From issue: Human Rights (Summer 2009)
Institutionalizing From Below
Law school changes in curricula have created a new generation of human rights lawyers, but more needs to be done.
Over the past 50 years, the Inter-American human rights system has become instrumental to the evolution of democracy in the region. Gradually expanding the scope of its mandate to include everything from political rights to gender rights and the rights of vulnerable groups, the system has not only helped shape domestic policies but has also served as a key tool for legitimizing respect for human rights in the Americas.
Its increasing relevance is reflected in the ever-growing interest in human rights on the part of law students and the expansion of programs—which in turn have helped the evolution of the system. While these curricular and academic advancements have been crucial, they are insufficient. Ensuring the systematic protection of human rights requires its institutionalization into every aspect of law school curricula. This is also important because of the continuing need to improve democratic institutions and avoid a return to authoritarian regimes. For a region undergoing important changes, the human rights narrative contributes to providing a democratic direction to those changes.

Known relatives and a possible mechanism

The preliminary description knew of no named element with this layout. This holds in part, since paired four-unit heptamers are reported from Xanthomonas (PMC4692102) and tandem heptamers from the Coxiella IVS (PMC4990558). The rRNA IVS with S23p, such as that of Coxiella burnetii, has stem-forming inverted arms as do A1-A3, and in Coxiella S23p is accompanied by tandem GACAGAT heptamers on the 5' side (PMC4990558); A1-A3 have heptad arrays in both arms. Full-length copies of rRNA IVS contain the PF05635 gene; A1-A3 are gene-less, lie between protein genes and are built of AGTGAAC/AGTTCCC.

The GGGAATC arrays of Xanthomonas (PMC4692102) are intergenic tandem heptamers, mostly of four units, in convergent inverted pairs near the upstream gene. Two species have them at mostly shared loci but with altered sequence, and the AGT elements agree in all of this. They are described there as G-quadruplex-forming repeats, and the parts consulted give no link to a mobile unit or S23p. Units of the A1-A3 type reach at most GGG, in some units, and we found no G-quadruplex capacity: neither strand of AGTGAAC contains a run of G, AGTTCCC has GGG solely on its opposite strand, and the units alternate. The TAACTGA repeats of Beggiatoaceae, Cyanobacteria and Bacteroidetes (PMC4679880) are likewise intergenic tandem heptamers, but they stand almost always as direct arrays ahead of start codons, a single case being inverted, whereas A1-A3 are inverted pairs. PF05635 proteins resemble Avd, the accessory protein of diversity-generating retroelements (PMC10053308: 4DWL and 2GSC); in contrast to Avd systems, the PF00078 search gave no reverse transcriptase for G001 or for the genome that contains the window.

Never before has a complete understanding of the complex and evolving field of human rights been so important. Currently, the Inter-American system receives more than 1,200 petitions per year. This is a dramatic increase from the early 1990s, when the principal approach to human rights violations was publicizing country reports prepared by the Inter-American Commission on Human Rights (Commission). The region’s transition to democracy over the following decade required a more formal mechanism of semi-judicial and judicial bodies in which adjudication and legal precedent has become increasingly important.
During its early years, the Inter-American Court of Human Rights (Court) did not receive a single case. That has changed dramatically. In 1986, the Court had three trial cases in process. In 2009, this number already exceeds 110. Over the course of its activity, the Court has adopted critical jurisprudence on issues such as due process, nondiscrimination, freedom of expression, the rights of indigenous populations, impunity, vulnerable groups, and conditions of detention. At the same time, the Court has developed the procedural aspects of human rights law (e.g., the burden of proof and rights of petitioners before the Court), thereby strengthening the legal framework for human rights matters which, too often, have been politicized and compromised by the application of double standards and ideological preferences. This “legalization” now needs to be a core element in the education and training of future lawyers...